Thursday, November 10, 2011

"The Wake Vanishing Behind A Boat That Has Rowed Away At Dawn"

Although this is my favorite season, my recent spate of posts containing bitter-sweet autumn poems is starting to get to me.  Despite the fact that we have made barely a dent in the cornucopia (sorry, I couldn't resist) of autumnal verse, a brief respite is in order.  I feel a need for perspective.

Alas, the "perspective" that I have hit upon has a bitter-sweet air of its own. To wit:  the whole of Life (the World, Nature, Existence, "everything that is the case," et cetera) is, after all, a matter of "here today, gone tomorrow," isn't it?  Yet, if one presents that truism in a beautiful fashion, it is (for me at least) comforting.  (And, oh yes, bitter-sweet.)

                       Eliot Hodgkin, "Dead Leaves and Birds' Eggs" (1963)

   To what
Shall I compare the world?
   It is like the wake
Vanishing behind a boat
That has rowed away at dawn.

Sami Manzei (8th century) (translated by Edwin Cranston), A Waka Anthology, Volume 1: The Gem-Glistening Cup (Stanford University Press 1993).

                      Eliot Hodgkin, "Feathers and Hyacinth Heads" (1962)

Like dew that vanishes,
like a phantom that disappears,
or the light cast
   by a flash of lightning --
so should one think of oneself.

Ikkyu (1394-1481) (translated by Steven Carter), Traditional Japanese Poetry: An Anthology (Stanford University Press 1991).

                                    Eliot Hodgkin "Eight Feathers" (1957)

Our life in this world --
to what shall I compare it?
It's like an echo
   resounding through the mountains
      and off into the empty sky.

Ryokan (1758-1831) (translated by Steven Carter), Ibid.

                                 Eliot Hodgkin, "Two Large Flints" (1963)


S R Plant said...

Yes, after your series of reflective autumn poems the last verse of Tessimond's 'Autumn' did bring us crashing back to earth, so to speak, sadly accurate as it was. Then Ikkyu came along and somehow made things better again!

Murgatroyd said...

What beautiful paintings. Thank you for introducing me to the work of Eliot Hodgkin. My education continues...

mary ahearn said...

Ah how beautifully do the Japanese poets express the bitter-sweet feeling of Autumn. And then one of my most loved November poems- Shakespeare's 73rd Sonnet. "That time of year..."
Thank you for the poetry and the art.

Fred said...

That reminded me of this one--

Dew evaporates
And all the world is dew . . .so dear
So fresh, so fleeting
-- Issa --

Stephen Pentz said...

Mr Plant: You are right -- it was the Tessimond poem that did it. As for Ikkyu (and Manzei and Ryokan) making things better: perhaps they offer only cold comfort. They may put things in perspective, but I still have to take out the trash while pondering the upcoming disintegration of the EU!

In any event, thank you, as always, for visiting, and for your thoughts.

Stephen Pentz said...

Murgatroyd: thank you for visiting again. I'm happy that you like the Hodgkin paintings. I'm fairly new to him also: I've been exploring his works on the Internet and have been delighted at what I find. I wonder how I missed him all these years.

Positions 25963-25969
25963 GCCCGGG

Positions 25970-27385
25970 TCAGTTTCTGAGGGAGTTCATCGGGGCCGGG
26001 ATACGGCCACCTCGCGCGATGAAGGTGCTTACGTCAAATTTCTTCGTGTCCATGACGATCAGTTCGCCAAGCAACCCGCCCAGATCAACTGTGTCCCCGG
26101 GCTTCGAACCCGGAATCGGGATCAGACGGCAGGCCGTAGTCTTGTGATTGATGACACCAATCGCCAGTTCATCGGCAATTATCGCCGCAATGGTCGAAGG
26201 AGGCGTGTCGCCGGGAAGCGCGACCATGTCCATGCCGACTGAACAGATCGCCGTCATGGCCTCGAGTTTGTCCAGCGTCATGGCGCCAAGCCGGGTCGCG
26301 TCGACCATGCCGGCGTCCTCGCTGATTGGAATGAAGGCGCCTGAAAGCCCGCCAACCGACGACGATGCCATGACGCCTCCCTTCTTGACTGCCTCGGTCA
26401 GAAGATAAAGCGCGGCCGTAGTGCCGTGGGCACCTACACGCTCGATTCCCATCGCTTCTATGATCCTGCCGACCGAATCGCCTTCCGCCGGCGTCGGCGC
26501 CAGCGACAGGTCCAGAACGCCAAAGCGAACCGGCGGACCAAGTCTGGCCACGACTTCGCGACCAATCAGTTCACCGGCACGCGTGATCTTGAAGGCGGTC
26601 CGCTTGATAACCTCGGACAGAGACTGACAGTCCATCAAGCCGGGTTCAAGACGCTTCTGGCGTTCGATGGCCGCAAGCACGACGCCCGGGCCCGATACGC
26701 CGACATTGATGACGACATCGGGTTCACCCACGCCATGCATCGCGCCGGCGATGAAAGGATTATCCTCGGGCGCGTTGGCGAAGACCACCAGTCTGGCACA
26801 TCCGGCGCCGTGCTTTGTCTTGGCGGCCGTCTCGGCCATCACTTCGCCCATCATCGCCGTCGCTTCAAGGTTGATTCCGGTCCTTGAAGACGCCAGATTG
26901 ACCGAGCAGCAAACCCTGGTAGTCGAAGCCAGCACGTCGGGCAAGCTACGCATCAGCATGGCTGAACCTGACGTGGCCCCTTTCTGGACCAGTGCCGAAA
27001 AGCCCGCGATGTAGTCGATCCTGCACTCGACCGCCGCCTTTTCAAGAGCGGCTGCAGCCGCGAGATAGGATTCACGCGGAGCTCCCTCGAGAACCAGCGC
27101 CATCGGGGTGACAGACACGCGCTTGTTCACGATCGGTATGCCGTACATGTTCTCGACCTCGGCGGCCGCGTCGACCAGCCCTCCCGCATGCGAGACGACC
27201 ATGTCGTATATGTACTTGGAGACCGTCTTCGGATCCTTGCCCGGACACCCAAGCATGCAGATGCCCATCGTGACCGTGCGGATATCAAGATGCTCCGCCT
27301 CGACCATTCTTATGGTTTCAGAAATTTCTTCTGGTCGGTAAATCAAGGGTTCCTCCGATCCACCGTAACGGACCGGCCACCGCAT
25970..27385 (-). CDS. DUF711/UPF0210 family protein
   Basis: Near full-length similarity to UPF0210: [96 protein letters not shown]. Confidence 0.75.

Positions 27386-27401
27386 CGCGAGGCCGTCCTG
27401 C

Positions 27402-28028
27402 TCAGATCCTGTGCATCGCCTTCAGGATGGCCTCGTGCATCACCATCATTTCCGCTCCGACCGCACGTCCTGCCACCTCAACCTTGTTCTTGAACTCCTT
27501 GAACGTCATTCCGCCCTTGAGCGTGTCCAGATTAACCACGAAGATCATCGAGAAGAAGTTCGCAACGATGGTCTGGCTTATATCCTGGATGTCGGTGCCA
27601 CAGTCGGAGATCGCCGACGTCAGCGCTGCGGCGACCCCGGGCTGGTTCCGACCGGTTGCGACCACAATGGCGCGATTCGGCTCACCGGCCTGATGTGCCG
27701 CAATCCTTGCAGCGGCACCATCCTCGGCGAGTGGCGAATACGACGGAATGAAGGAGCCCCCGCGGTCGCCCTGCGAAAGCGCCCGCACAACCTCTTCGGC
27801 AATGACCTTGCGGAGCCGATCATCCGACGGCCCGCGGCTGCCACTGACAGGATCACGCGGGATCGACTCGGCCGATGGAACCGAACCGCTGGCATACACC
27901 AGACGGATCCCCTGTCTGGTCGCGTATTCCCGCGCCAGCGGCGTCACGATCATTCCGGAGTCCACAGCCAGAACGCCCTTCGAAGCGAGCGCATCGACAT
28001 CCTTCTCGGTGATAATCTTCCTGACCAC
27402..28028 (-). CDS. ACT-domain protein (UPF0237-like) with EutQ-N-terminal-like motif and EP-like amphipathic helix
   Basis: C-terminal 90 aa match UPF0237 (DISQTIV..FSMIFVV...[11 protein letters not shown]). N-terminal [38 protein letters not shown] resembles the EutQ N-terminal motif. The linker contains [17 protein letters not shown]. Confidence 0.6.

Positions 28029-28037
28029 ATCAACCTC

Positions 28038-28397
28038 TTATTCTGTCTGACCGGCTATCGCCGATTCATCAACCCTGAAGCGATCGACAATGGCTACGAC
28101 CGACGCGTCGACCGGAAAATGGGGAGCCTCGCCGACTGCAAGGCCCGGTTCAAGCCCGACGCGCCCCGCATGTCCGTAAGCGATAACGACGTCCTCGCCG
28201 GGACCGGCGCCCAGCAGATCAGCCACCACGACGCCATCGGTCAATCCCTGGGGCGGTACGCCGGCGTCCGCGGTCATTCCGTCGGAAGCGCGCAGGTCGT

Thanks again.

Stephen Pentz said...

Ms Ahearn: thank you very much for visiting and commenting. And thank you as well for the reference to Shakespeare: the season does tend to bring that sonnet to mind, doesn't it?

Stephen Pentz said...

Fred: thank you for stopping by again, and for the haiku by Issa. It does fit in well with the others, doesn't it? It also reminds me of another haiku by Issa, which he is supposed to have written after the death of one of his children at a young age (I'm sure you know it):

The dewdrop world
Is the dewdrop world;
And yet . . .

Fred said...


Yes, I do know that one. I think it's the same one, just a different translation. The one I posted has a similar heading.

Stephen Pentz said...

Fred: I thought that the two sounded similar. However, they may be different -- as you know, the Japanese poets often re-visited the same images, but changed things a bit.

Jeff said...

"Yet, if one presents that truism in a beautiful fashion, it is (for me at least) comforting."

This strikes me as a mature way to look at it. When I taught Anglo-Saxon elegies, my students often griped that the material was "depressing," but acknowledging the inevitable need not be. Thanks for highlighting these short, (bitter)sweet poems.

Fred said...


Yes, that could be. It's always a problem when dealing with versions by different translators.

Stephen Pentz said...

Jeff: thank you very much for visiting, and for your thoughts. I'm pleased that you like the poems. I am reluctant to claim any maturity (being a member of the perpetually adolescent Baby Boom generation). But I do completely agree with you that "acknowledging the inevitable" is a wise course of action - i.e. (as I suggested in a comment above), being aware as you carry out the trash or pay the electric bill.

Thanks again.

Stephen Pentz said...

Fred: I know what you mean. I have been reading different translations of Li Po's poetry recently in order to see how the translators differ. As you know, it is an interesting exercise.

As always, thank you for your thoughts.